This article is an intelligent summary of the events that have had impact on the Christian community in the Holy Land during the past five months as the Al-Aqsa Intifada roared. By Drew Christiansen This article is an intelligent summary of the events that have had impact on the Christian community in the Holy Land during the past five months as the Al-Aqsa Intifada roared. The disappointment of the Year 2000 Jubilee in Bethlehem, Israeli targeting of Christian communities for bombardment, the threat of Christian emigration and the need to "never repay evil with evil" is covered in great detail. Ultimately Father Drew calls us to action to mobilize Christian support for Holy Land Christians, the descendents of Christ's original followers and disciples. American Christian solidarity with Holy Land Christians is essential if we are to continue to enjoy a living Christian presence in the land where Christianity was born.
<b><div align="center">Christmas, Christians and the Intifada
by Drew Christiansen</div></b>
FOR PALESTINIANS, CHRISTMAS 2000 was to have been a celebration not only of the second millennium of Jesus' birth in which they would play host to the Christian world. It also was to have marked the emergence of Palestine as a destination for world travel with Bethlehem as its center. The World Bank and donor countries had poured hundreds of millions of dollars into David's city to repair the long neglected infrastructure and to construct new facilities to receive the millions of pilgrims expected to mark the Great Jubilee in the Holy Land.
Even before Ariel Sharon in the company of a thousand troops visited the Haram al Sharif, what Jews call the Temple Mount, in late September, the number of pilgrims had fallen short of expectations, partly due to the anxiety spurred by the collapse of the Camp David talks at the end of July. By Christmas Eve, with a cold rain falling, only small knots of foreign pilgrims and local worshippers were to be found in Manger Square. The millennial crowds never appeared, intimidated by the Palestinian intifada and the punishing Israeli retaliation against the uprising. Foreign entertainers cancelled their programs, and the residents of Bethlehem and their neighbors wanted to mourn the three hundred fifty Palestinians killed and the thousands wounded rather than to celebrate.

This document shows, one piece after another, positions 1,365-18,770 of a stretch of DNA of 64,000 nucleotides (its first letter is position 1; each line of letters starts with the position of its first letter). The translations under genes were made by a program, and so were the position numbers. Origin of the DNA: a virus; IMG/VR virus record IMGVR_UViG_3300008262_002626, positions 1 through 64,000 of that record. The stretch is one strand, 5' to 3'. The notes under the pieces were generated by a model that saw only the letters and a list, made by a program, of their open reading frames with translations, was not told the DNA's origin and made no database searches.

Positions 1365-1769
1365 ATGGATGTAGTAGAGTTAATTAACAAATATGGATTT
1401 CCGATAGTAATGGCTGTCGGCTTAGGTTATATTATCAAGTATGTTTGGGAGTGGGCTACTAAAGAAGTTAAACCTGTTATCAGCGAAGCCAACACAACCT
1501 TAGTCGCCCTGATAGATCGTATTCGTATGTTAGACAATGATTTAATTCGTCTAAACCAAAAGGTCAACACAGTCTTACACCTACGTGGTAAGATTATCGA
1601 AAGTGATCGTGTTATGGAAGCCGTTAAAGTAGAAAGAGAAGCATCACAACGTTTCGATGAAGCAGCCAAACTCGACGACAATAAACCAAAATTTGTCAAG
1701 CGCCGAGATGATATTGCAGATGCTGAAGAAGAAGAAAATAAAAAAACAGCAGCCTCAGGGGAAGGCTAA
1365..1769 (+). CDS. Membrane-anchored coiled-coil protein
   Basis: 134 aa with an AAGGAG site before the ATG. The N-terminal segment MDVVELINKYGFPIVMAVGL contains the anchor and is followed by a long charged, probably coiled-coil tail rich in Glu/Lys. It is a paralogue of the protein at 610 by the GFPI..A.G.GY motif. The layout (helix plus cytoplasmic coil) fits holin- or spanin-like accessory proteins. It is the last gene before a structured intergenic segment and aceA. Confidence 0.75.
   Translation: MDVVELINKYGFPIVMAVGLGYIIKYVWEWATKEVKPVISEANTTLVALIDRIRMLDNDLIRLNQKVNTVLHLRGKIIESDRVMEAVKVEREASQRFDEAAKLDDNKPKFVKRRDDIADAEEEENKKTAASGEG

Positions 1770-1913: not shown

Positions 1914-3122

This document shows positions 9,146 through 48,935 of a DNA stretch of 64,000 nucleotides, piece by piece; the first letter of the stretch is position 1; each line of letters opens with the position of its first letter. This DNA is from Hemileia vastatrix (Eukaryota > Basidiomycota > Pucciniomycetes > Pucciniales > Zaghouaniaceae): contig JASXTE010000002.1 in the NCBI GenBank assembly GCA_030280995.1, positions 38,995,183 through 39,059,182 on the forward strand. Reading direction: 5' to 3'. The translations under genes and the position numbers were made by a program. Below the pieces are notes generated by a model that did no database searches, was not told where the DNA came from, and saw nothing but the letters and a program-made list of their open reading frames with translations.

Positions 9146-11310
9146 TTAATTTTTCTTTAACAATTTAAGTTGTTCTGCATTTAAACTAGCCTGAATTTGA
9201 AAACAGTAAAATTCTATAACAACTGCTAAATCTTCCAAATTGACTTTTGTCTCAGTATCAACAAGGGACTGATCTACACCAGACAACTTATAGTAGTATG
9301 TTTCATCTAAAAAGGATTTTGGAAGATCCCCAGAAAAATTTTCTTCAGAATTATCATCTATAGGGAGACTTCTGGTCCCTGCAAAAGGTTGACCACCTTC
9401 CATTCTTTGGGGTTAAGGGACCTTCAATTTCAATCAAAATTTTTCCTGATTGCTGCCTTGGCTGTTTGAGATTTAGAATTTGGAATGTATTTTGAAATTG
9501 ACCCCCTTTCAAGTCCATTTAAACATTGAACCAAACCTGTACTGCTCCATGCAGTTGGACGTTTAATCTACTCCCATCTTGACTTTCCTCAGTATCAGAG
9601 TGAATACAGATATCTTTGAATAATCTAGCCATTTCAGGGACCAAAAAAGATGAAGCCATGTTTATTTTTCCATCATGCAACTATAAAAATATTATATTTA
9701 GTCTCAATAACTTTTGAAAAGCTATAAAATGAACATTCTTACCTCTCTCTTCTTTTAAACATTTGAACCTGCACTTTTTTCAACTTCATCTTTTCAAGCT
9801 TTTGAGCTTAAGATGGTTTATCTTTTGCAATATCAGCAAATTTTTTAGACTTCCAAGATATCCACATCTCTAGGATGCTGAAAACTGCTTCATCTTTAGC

In the weeks leading up to Christmas, Bethlehem and the neighboring towns of Beit Jala and Beit Sahour had been particularly hard hit. December 11 the Latin (Roman Catholic) seminary in Beit Jala had been the center of a three-hour barrage by Israeli gunners. In addition to the seminary, the neighboring rectory and parish house were damaged. The same week the Orthodox churches of Saint Nicholas and Saint Michael in Bethlehem, the oldest churches in the town after the Church of the Nativity, were also hit by shelling.
In the West these attacks went unnoticed, even after statesmen and religious leaders had wrung their hands for weeks over the need to respect holy sites and prevent a nationalist conflict from exploding into a holy war. Local Christians were trapped in a classic double bind. They did not want their homes and churches subject to Israeli shelling, but neither did they want to appear to flag in their allegiance to the Palestinian cause. So, they made no special pleas for immunity for themselves and their institutions. Under the laws of war, of course, civilians are supposed to be immune to attack. The Israeli Defense Force (IDF) should have taken measures to reduce the impact on non-combatants, and is forbidden from reprisals that take indiscriminate aim at civilian areas.
It is fairly widely acknowledged that the gunmen who used the Christian triangle-Beit Sahour, Bethlehem, and Beit Jala-just south of Jerusalem for cover, thereby inviting Israeli counterattacks, were not local. Some observers claimed they came from nearby refugee camps, others that they were Fatah militia, others that they were Israeli provocateurs. Each allegation had a plausible basis. Hard facts are difficult to find.